Royal Burgundy Japanese Flowering Cherry Tree
Royal Burgundy Japanese Flowering Cherry Leaf
Royal Burgundy Japanese Flowering Cherry Additional Product Shot 750
Royal Burgundy Japanese Flowering Cherry Additional Product Shot 913
Royal Burgundy Japanese Flowering Cherry Additional Product Shot 914
Royal Burgundy Japanese Flowering Cherry Additional Product Shot 915
Royal Burgundy Japanese Flowering Cherry Additional Product Shot 1143
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Royal Burgundy Japanese Flowering Cherry Tree
Royal Burgundy Japanese Flowering Cherry Leaf
Royal Burgundy Japanese Flowering Cherry Additional Product Shot 750
Royal Burgundy Japanese Flowering Cherry Additional Product Shot 913
Royal Burgundy Japanese Flowering Cherry Additional Product Shot 914
Royal Burgundy Japanese Flowering Cherry Additional Product Shot 915
Royal Burgundy Japanese Flowering Cherry Additional Product Shot 1143

Growth Facts

  • Hardiness Zone: 5-8
  • Spacing: 20-25'
  • Exposure: Full Sun
  • Deer Resistant: Yes
  • Show more ›
Royal Burgundy Japanese Flowering Cherry
Prunus serrulata 'Royal Burgundy'
Order 6 or more
$345.00
Order 3 or more $375.00 each
Or, $395.00 each
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How large is this tree? View the Size Guide.

Royal Burgundy Flowering Cherry will grace your garden with loads of frilly, soft pink blossoms set against rich red foliage each spring.  Who said redheads can’t wear pink?  This red-leaved version of the beloved Kwanzan Japanese Flowering Cherry will keep the color coming even after the blooms are spent.  The maroon leaves hold their color all summer and turn flame-red before dropping in fall.  Like Kwanzan Cherry, Royal Burgundy grows into a wide vase shape in time and makes a good candidate to arch over a path or sidewalk.  Or, make this ravishing red-leaved Cherry tree a favorite destination in your landscape by putting a bench or a couple of comfy chairs underneath its colorful canopy.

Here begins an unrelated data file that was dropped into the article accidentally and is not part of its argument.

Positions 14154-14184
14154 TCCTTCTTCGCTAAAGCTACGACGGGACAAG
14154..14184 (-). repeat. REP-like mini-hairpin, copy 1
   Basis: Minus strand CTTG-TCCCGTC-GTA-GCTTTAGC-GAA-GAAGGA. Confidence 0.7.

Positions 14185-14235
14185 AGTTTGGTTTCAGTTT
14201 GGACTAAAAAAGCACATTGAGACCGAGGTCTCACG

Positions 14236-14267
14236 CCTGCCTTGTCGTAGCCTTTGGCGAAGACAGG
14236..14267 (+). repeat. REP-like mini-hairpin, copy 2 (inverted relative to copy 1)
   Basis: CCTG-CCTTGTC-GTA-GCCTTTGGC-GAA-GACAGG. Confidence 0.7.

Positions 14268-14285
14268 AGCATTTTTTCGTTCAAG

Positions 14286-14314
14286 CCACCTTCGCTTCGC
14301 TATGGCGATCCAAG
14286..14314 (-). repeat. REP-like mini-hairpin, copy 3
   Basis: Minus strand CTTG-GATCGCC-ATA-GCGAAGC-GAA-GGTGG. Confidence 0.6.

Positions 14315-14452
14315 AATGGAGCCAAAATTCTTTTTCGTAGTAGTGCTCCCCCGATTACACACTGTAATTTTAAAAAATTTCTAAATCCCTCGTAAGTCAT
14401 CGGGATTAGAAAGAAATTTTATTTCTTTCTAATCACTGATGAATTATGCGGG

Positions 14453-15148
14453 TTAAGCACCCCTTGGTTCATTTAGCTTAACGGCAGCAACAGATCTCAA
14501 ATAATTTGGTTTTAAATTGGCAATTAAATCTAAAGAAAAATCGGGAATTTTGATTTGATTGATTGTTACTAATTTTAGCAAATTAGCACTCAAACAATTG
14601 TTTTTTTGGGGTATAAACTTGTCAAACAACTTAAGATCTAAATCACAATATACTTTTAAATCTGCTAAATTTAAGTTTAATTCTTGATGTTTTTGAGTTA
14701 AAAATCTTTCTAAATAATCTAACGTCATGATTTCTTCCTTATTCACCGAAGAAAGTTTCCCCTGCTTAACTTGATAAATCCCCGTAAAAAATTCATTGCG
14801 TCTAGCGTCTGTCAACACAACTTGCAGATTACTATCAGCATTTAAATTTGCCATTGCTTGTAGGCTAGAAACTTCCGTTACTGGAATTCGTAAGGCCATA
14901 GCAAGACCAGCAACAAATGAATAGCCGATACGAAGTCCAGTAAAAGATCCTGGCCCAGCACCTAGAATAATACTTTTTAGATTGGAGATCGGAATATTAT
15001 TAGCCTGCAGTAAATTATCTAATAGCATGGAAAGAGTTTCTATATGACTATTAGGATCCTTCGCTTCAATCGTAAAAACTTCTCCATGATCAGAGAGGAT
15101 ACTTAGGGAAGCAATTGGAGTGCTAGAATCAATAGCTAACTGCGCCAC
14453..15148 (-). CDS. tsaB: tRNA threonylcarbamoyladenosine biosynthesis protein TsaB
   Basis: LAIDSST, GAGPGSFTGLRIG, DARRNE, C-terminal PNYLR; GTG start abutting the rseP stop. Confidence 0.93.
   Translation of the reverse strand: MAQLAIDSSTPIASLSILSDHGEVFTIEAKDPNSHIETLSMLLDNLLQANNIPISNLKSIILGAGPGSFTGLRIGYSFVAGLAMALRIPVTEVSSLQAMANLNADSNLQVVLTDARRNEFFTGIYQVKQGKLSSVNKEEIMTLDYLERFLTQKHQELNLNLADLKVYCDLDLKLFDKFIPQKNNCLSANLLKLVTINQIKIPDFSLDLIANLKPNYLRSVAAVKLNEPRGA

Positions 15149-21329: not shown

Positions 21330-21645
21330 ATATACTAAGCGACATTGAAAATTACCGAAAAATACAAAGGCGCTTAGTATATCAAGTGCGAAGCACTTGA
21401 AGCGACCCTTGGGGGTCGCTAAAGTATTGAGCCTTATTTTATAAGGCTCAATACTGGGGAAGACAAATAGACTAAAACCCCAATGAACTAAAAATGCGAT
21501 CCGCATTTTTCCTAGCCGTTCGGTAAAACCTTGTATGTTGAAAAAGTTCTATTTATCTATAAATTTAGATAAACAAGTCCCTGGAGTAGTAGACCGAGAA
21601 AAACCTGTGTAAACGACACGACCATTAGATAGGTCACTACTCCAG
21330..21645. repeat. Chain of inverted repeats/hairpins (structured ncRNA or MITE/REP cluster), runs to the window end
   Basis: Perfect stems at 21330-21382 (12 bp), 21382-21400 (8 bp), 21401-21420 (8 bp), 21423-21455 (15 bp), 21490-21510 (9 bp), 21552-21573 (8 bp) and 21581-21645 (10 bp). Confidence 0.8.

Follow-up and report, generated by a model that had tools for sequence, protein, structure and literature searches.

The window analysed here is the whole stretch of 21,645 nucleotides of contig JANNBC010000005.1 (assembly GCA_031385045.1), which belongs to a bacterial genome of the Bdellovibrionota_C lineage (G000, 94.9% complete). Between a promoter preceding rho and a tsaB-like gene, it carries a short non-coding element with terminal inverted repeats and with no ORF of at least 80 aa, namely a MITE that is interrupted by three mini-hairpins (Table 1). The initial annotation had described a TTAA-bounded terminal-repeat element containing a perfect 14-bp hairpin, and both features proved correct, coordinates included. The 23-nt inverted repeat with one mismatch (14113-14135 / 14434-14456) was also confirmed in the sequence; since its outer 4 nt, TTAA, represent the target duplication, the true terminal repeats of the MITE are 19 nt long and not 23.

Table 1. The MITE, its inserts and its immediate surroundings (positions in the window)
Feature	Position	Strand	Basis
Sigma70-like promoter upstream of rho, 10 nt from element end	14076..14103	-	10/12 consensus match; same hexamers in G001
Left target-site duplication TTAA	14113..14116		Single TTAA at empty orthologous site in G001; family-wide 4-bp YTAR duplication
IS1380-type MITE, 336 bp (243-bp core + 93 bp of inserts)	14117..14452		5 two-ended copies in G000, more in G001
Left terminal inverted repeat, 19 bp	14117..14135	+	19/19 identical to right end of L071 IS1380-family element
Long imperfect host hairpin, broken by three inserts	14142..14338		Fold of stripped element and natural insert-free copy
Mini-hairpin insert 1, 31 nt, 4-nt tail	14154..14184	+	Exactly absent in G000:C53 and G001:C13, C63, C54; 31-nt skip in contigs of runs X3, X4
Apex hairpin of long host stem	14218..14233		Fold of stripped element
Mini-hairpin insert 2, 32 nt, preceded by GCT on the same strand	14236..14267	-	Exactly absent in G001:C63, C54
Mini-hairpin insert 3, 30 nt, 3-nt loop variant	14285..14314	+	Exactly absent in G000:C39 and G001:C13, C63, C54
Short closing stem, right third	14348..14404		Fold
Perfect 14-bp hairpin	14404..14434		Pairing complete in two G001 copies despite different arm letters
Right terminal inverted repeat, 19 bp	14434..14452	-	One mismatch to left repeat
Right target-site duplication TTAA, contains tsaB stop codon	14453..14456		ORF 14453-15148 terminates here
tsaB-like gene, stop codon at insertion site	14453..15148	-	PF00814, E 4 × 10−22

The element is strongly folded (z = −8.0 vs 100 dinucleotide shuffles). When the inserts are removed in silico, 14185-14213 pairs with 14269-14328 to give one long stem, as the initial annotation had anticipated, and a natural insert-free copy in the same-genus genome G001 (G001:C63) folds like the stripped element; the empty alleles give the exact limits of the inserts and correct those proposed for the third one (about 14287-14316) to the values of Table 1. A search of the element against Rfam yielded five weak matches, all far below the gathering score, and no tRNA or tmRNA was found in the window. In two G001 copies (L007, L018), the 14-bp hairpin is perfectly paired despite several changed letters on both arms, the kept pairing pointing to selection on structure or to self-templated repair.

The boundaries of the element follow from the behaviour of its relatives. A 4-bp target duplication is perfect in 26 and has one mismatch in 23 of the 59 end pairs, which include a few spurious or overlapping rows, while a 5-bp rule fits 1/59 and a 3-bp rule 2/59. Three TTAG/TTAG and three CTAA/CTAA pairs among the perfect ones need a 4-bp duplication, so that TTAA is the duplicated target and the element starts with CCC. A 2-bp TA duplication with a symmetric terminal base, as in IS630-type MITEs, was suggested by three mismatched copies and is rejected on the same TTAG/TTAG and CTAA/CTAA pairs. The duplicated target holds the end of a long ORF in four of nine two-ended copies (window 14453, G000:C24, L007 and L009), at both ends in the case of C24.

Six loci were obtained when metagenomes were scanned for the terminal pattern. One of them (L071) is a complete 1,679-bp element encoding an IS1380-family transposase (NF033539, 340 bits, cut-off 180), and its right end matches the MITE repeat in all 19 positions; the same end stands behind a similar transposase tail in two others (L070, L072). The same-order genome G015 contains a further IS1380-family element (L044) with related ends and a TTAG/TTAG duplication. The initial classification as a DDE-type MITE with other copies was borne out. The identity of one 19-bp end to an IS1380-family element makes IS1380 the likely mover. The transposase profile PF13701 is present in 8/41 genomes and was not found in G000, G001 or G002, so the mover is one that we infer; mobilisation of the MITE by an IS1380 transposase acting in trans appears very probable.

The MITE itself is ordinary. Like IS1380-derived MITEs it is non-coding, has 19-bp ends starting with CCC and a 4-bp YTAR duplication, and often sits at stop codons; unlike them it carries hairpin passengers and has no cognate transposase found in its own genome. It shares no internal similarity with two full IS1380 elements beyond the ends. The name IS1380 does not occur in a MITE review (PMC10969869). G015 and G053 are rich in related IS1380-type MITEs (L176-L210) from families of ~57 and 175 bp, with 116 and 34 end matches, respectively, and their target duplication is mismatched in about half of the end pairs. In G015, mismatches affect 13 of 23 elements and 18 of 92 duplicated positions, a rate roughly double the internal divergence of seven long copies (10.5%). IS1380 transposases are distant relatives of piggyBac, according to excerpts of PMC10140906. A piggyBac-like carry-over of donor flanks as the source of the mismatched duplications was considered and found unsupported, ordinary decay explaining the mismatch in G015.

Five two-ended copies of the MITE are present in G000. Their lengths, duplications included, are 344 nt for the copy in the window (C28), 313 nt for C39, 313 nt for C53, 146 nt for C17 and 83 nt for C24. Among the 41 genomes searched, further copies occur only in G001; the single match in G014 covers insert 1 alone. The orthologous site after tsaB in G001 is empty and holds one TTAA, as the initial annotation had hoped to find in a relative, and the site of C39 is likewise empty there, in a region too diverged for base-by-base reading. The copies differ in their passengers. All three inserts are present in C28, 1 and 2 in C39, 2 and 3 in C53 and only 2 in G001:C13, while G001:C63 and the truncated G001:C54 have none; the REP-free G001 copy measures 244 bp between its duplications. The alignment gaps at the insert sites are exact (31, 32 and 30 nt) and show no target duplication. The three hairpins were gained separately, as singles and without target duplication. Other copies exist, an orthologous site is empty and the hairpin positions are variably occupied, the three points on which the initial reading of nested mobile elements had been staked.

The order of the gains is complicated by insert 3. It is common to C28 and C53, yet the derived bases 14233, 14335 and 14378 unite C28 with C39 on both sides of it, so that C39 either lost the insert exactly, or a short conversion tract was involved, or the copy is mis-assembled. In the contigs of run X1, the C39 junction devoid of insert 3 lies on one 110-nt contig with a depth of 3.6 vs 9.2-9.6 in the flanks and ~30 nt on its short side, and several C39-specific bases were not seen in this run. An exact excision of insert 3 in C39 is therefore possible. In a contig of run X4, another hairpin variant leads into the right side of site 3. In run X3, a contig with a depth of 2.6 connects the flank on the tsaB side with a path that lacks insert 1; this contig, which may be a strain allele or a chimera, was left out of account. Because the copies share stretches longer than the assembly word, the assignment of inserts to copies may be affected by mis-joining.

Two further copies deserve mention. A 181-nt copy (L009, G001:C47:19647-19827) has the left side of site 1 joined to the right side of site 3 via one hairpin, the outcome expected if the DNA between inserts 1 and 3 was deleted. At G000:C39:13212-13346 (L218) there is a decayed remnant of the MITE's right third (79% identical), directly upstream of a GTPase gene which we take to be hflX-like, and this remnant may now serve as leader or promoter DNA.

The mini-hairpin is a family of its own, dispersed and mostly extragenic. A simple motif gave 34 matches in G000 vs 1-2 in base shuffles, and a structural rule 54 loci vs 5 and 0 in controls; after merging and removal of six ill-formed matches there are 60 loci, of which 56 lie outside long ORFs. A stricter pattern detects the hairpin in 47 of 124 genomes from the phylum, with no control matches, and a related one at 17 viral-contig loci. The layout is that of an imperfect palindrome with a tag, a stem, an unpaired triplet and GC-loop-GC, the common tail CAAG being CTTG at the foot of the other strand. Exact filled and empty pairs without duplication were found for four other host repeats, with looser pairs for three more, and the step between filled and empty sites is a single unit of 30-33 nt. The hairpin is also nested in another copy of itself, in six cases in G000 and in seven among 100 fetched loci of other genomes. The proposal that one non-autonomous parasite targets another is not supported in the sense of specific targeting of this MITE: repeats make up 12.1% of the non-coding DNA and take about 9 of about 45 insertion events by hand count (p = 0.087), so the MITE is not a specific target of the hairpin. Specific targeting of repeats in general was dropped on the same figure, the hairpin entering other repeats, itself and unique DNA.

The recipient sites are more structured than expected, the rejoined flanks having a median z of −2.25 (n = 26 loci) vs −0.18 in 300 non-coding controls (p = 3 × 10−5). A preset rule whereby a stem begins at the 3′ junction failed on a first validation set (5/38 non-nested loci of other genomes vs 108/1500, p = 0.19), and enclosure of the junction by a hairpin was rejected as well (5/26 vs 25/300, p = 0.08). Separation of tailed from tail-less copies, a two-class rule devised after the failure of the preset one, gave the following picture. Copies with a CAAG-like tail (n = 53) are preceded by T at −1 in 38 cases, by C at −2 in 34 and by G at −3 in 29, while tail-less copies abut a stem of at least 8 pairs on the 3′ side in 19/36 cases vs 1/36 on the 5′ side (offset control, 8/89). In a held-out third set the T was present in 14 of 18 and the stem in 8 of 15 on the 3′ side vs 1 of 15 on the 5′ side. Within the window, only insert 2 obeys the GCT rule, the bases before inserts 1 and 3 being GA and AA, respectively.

Growth Facts

  • Hardiness Zone: 5-8
  • Spacing: 20-25'
  • Exposure: Full Sun
  • Deer Resistant: Yes
  • Show more ›
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The Story

Sometimes new trees come about from years of work by breeders. Other times, all it takes is one lucky person with an eye for detail.  Royal Burgundy was a result of the latter—all of the trees with that name came from a single branch on a Kwanzan Cherry that spontaneously produced red leaves.  Thomas Earl Wilson of Speer and Sons Nursery in Oregon was the man with the sharp eye.  The parent plant, Kwanzan, is a beloved old variety that stars in Washington, D.C.’s Cherry Blossom Festival every year.

The Details

Beware: This Burgundy is truly intoxicating! The ruffled, pink blossoms that appear in the spring will cast a spell over you as they nestle demurely against the purple foliage that lasts all season long. The leaf color is simply spectacular! This tree will be a dramatic statement in any landscape design. For Pete's sake, dig a hole and pour one in!

How to Grow

These Flowering Cherries like being planted in sunny locations but ‘Royal Burgundy’ is a little picky about where they spread their roots. Flowering Cherries do not like sitting in wet soil. Once you have your Cherry planted, make sure the soil is moist, without being constantly wet. As with most trees, a once a year fertilizing for about the first few years will give your tree the nutrients it needs to provide new, healthy growth and flowers for the following season. Apply a low rate fertilizer once in the fall. Pruning these Flowering Cherries differs slightly. The Royal Burgundy Cherry is somewhat similar to the Kwanzan in the looks department; the main difference is that it has dark purple foliage. The Royal Burgundy is a dwarf variety and it doesn’t grow as quickly as the Kwanzan. This Cherry doesn’t need pruning at all, except to trim an occasional errant branch. There are those “lucky” trees that Japanese Beetles like to munch on and Flowering Cherries are one of them. There are a few ways to prevent or control beetle damage to your trees. Insecticide concentrates and sprays are available that can either be watered in around the base of the infected tree or sprayed on the foliage or beetles.